Saturday, October 12, 2019

Big Salmon River to St. Martins

It rained gently on and off last night, so the forest was damp and glowing green when we emerged from the tent. This morning we learned that if your alarm clock happens to wake up a nearby red squirrel, that squirrel will very quickly make sure all the other squirrels in the forest are awake too, and then no one gets to sleep anymore.

The last few kilometers to the Interpretation Center at Big Salmon River were beautiful, and not too strenuous, although the root and rock strewn trail, especially on the last few climbs and descents, was a bit slippery from the rain. Progress was slow.

We mostly skirted the ocean on a forested footpath. There were a few low-lying meadows of blackberry bushes and ferns to navigate, and as we crossed several streams we saw evidence of mass erosion on the cliffs.

Just before we turned to head north up the shore of Big Salmon River we came to a lookout where seven seals were bobbing out in the ocean. Although we couldn't see below the surface of the steely grey water, they seemed to be floating on their backs. Every once in a while they would tip their heads back and appear to yawn luxuriously, exposing their dappled necks, large pink mouths, and sharp teeth. The yawning behaviour was a new thing for us, and we enjoyed watching them.

Big Salmon River is a beautiful, wide river delta which at on time was used for driving logs out to the ocean. Today it is the recipient of extensive river rehabilitation, with the goal of re-stablishing a healthy salmon population. As we followed its forested bank we were passed by three intrepid looking hikers heading in, appearing vigorous and determined. We wished them well and proceeded along.


We crossed the Suspension Bridge, pausing to enjoy the fall colours reflected in the river, even as we could still see the colourful rocks at the bottom through the clear, fast moving water.

From there it was a short walk to the Interpretation Center, where we were greeted with warm coffee and cookies. As we crossed the parking lot we passed another group of four people, just beginning their adventure on the Fundy Footpath, and stopped to offer a word of encouragement.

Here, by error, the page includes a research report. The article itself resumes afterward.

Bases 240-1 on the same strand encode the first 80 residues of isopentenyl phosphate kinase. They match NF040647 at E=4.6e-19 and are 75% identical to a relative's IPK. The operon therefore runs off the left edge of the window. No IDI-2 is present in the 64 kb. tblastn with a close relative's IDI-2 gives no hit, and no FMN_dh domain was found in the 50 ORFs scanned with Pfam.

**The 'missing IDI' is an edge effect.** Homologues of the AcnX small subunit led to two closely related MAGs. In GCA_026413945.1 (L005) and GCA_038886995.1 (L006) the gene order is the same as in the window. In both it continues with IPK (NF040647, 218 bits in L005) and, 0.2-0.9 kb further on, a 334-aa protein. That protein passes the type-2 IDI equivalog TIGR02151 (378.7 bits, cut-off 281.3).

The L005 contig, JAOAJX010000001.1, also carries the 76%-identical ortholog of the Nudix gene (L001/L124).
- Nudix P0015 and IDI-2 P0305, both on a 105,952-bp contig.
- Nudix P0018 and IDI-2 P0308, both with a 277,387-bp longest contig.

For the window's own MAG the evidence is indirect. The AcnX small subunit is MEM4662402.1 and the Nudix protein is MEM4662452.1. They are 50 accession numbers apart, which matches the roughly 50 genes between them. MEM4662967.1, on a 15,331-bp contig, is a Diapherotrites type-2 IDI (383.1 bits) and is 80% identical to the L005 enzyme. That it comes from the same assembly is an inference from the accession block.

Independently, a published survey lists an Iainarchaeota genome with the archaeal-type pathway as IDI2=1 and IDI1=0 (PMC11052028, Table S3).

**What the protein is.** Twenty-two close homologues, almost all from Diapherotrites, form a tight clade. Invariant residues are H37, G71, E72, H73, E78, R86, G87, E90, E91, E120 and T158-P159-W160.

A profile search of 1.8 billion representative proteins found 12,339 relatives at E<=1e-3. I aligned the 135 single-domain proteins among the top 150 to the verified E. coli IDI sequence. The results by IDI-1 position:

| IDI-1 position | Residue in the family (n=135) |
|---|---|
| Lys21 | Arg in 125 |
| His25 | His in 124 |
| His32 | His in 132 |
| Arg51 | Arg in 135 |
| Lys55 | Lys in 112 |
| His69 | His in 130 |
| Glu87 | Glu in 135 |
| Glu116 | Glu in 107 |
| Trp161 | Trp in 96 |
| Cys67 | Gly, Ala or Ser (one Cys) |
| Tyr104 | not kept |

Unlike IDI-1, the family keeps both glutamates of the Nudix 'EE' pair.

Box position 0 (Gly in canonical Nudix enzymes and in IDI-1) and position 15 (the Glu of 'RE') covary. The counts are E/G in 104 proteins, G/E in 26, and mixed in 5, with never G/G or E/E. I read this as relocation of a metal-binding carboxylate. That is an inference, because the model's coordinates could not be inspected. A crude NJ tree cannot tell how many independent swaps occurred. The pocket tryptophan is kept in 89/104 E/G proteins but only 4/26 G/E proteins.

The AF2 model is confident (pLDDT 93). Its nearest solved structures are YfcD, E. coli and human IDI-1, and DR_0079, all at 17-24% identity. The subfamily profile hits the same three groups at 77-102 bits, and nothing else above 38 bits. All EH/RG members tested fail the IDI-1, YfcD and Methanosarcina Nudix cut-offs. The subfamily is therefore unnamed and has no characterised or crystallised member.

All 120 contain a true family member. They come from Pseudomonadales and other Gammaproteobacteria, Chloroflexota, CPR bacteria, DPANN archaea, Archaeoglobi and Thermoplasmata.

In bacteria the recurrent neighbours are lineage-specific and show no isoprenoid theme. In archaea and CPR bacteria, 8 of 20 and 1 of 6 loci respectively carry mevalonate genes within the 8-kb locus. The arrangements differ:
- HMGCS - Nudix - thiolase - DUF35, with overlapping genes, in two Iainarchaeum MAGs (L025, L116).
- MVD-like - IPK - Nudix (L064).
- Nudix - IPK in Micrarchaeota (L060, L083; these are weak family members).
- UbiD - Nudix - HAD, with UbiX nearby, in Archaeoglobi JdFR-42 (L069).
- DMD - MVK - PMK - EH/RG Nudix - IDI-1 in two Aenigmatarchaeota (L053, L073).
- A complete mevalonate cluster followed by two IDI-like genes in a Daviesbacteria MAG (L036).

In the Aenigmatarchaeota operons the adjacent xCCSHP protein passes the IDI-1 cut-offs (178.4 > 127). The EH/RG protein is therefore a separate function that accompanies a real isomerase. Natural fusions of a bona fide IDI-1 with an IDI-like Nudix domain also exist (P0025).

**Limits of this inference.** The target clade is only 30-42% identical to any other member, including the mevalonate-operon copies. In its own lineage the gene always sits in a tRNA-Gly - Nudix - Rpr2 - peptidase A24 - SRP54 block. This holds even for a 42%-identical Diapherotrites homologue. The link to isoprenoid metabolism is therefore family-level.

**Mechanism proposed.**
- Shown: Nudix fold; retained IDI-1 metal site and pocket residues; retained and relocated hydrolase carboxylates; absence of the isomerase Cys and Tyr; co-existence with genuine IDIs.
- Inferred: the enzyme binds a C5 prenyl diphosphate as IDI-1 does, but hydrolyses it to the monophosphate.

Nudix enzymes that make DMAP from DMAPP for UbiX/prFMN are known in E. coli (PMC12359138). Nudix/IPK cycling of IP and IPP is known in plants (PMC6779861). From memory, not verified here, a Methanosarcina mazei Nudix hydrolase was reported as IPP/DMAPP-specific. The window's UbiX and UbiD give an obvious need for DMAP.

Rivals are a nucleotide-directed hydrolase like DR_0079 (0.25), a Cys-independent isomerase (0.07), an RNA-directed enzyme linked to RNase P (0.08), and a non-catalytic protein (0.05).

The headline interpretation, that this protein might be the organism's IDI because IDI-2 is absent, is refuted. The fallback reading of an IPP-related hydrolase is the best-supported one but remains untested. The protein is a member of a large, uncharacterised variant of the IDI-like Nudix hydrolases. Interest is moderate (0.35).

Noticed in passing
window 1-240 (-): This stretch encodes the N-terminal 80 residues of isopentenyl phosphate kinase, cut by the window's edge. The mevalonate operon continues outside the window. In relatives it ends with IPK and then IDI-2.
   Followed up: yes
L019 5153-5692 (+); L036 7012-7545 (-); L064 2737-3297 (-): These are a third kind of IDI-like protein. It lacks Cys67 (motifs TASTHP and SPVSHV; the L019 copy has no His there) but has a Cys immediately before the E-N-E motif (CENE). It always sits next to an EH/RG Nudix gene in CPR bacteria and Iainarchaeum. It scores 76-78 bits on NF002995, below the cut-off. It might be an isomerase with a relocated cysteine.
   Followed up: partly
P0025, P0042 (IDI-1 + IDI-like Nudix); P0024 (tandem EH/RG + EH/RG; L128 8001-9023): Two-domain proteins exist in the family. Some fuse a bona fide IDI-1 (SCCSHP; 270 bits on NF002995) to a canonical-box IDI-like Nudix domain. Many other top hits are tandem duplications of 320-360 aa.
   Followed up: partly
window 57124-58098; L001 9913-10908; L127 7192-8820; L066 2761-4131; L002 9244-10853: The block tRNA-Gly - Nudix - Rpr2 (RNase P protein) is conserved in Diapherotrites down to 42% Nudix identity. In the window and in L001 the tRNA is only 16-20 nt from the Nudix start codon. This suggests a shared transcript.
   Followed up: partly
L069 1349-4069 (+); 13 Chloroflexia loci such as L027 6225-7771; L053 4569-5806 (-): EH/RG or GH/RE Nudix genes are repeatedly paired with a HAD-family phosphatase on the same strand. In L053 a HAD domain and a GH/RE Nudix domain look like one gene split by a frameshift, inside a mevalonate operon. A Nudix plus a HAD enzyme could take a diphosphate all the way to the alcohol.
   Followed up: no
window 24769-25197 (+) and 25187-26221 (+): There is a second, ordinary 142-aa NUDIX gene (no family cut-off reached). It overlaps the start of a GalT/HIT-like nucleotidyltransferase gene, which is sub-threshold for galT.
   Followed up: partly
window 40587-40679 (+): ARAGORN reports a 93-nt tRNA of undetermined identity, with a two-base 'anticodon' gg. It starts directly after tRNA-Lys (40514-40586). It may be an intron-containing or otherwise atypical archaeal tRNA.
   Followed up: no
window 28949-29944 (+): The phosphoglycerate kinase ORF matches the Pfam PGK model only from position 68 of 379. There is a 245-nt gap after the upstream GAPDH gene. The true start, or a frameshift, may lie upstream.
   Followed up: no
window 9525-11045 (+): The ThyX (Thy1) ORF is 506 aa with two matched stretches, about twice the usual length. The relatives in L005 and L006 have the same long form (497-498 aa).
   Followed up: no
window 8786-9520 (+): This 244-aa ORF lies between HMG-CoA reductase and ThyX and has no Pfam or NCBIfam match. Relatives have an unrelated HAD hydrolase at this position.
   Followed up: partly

At the center we signed out, chatted to the friendly staff, and watched a short film on the Fundy Trail Parkway, which covers the next 10 km between the Interpretation Center and the village of St. Martins.

After the short break, we headed back out into the rain and began our walk along the 10 km multi-use trail through the Fundy Trail Parkway. The Fundy Trail Parkway is a 2,559 hectare (6,323 a re) park that is operated by the Fundy Trail Development Authority, a non-profit organization run by volunteers.


It is possible to drive or take a bus tour through the 30 km of road in the park, enjoying panoramic views over the forested hills, out into the Atlantic, across tidal mudflats, and along pristine beaches.

Along the parkway you can learn about nature, geology, and history. The park is part of both the UNESCO Stonehammer Global Geopark, and the UNESCO Fundy Biosphere Reserve. The 540-millon year old rock in the park was formed by the collision of continents, the closing and opening of oceans, volcanoes, earthquakes, ice ages and climate change. Much more recently, the park was the location of a thriving logging community. All this you can learn about from interpretive signs, park guides, and the Visitor's centers in the park.


The 10 km section of multi-use trail we walked from the Big Salmon River Interpretive Center to the park gates passed eight lookouts over the ocean. At some of these viewpoints we enjoyed lovely views of the coast, which was given mystery and distance by the mist and fog. At others the rain was too heavy, and the geological features of interest were mostly obscured.


The trail was mostly a paved or wide gravel track that wound through a beautiful forest. It was fully accessible, and easy to navigate. One of the highlights was reaching Fownes Head, where we stopped for a beautiful view of the Flowerpot Rock. This sea stack looked beautiful in the mist, with the large waves breaking at its base.

When we left the park we had another 9 km of road walking before we reached the seaside village of St. Martins. It was a hilly and winding road with some very beautiful and artistic houses along the way. There wasn't too much traffic either, likely due to the steady rain.

Around 4:30 PM we reached the sea caves. These caves have been formed by wave action at the base of the tall red cliffs. When the tide is out visitors can walk across a rocky beach on the tidal flats and enter the caves, which are a few meters deep. There were a few intrepid souls out on the rocks in the rain, and for a few moments we joined them.

We were soon seduced by the enticing smells from the Seaside Restaurant at the edge of the beach however. We happily enjoyed hot coffees and veggie burgers with fries with a view of the caves and the ocean. It was a lovely treat to celebrate our survival of the Fundy Footpath.


From the sea caves it was a short walk to the hostel in St. Martins. There we were met by Kaz from Not Your Usual Hostel, who showed us around and very generously invited us to Thanksgiving dinner at her house. Although we had just eaten, we deeply appreciated the kindness and generosity.

We spent a few minutes doing various errands, and picking up a few supplies in the village, and then set to the task of cleaning and drying everything out. It feels so very nice to be warm, clean, and dry!

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